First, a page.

Andrea Hoplight Tapia
Associate Professor of Information Sciences & Technology, Labor Studies & Industrial Relations, and Sociology
Graduate Faculty, Social Data Analytics
Research Rotation Host, BDSS-IGERT (Sam Stehle, 2013-14)
- Ph.D., Sociology, University of New Mexico, Albuquerque, New Mexico, 2000
My expertise is social research methods and social theory, my training is in sociology, and I apply this expertise and training to the study of information and communication technologies (ICT) and their context of development, implementation and use. I am an elected leader in both of my home academic communities, the American Sociological Association and the International Association for Information Systems for Crisis Response and Management. My international reputation is visible in the following: organizing and leading two large and two small international workshops and conferences; $3.7 million in external funding that has resulted in 12 completed MS and PhD theses; 40 journals articles, 60 peer-reviewed conference proceedings, and 12 book chapters. I have been an invited speaker at 31 conferences or events and presented at 73 conferences. My teaching is showcased in the 12 different courses I have led for my College at the undergraduate, Honors and graduate levels. I have served as chair of 16 graduate student committees, 6 master’s theses and 10 Ph.D. dissertations. Seven of these ten Ph.D. students have already graduated and gone on to take jobs in the academe or industry. I have also served on 50 graduate student committees. I expect this trajectory to continue in the coming years.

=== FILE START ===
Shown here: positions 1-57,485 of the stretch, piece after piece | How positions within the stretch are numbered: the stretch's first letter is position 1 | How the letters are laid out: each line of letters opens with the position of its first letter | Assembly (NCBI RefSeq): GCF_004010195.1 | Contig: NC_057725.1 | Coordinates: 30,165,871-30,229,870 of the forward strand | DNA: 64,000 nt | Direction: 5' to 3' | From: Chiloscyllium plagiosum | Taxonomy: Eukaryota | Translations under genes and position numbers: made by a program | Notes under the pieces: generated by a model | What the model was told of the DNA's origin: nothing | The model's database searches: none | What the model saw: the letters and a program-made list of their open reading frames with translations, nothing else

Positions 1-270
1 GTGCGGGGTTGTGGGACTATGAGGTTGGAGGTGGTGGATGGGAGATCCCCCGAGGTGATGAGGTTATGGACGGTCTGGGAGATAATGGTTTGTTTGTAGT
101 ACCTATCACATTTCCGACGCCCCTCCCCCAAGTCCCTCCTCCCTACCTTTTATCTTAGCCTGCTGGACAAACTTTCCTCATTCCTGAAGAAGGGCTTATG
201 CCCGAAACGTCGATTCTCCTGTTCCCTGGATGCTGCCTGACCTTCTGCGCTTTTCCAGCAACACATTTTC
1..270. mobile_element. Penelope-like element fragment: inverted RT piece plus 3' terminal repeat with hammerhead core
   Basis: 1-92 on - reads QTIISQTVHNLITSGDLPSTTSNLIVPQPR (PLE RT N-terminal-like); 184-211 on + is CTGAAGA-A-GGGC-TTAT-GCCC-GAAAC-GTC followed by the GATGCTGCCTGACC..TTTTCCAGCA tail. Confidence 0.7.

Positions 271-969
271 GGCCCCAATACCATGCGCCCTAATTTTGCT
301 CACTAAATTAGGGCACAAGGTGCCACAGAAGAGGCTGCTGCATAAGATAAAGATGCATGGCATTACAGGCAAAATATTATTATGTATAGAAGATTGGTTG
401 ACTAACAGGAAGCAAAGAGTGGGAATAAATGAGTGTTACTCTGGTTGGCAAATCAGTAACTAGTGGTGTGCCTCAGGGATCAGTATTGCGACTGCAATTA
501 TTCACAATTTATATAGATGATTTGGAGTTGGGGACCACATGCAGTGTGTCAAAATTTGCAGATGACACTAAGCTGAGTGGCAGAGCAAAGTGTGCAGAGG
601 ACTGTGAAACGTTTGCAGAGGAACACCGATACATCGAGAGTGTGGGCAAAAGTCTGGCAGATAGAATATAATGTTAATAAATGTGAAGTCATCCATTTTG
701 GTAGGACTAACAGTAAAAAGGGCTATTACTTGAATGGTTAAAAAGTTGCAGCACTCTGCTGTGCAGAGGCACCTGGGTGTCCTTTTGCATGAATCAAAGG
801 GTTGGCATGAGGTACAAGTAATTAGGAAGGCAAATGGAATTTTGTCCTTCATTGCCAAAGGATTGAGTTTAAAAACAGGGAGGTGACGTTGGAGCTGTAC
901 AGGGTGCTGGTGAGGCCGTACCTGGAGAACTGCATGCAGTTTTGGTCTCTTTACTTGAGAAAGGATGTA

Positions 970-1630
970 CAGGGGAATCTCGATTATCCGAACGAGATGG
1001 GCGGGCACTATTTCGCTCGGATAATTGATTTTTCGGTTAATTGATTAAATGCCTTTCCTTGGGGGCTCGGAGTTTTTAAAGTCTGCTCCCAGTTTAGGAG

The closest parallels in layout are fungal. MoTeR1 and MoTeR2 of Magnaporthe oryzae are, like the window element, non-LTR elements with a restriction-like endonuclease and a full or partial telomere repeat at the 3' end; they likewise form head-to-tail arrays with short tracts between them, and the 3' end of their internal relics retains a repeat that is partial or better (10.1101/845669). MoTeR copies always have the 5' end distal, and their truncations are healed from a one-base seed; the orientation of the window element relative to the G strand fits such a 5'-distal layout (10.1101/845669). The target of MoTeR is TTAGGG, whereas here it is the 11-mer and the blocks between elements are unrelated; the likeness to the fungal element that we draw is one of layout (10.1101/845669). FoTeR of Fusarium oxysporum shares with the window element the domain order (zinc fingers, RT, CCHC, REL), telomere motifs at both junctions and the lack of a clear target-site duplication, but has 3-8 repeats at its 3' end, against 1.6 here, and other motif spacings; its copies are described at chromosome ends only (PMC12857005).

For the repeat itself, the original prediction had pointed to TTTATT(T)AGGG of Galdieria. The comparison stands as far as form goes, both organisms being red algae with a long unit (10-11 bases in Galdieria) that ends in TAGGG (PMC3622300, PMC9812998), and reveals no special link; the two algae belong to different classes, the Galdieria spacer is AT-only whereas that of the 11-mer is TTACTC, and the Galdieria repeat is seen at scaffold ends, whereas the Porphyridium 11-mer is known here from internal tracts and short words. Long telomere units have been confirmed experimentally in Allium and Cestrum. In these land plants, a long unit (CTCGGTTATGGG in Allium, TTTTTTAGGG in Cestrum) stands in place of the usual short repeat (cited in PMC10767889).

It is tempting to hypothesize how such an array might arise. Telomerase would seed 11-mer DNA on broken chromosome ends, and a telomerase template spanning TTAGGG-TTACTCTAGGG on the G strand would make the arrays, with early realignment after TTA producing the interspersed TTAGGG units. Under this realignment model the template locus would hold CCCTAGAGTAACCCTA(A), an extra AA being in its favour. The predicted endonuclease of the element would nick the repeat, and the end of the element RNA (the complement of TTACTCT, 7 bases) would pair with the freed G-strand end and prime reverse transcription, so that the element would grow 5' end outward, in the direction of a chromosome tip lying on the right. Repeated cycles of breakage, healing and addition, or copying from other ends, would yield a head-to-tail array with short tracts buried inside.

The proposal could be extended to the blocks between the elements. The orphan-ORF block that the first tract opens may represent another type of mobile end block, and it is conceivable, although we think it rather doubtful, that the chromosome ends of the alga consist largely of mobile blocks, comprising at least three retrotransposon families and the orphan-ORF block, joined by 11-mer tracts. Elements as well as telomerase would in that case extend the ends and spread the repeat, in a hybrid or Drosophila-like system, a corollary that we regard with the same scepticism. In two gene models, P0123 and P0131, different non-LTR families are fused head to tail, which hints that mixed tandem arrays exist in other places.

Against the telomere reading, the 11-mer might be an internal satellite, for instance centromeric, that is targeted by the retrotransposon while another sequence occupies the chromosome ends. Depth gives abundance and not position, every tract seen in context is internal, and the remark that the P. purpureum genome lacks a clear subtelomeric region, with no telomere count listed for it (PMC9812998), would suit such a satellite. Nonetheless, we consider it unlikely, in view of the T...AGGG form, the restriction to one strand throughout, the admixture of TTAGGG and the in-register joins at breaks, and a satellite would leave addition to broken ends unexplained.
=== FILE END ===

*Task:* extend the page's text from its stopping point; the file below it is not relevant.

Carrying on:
The contribution of my scholarship is carried forward through detailed studies of critical social problems in today’s world, with a specific focus on the take-up, uses, and effects of information and communication technologies relative to public social issues. The results of my work have contributed directly to the policy-making bodies of the United Nations, the Obama Administration, and the largest international relief and development organizations globally. All of my recent work investigates the great potential role that social media data might play in local community resilience, crowdsourced early warning systems, and the organized response to emergencies and disasters.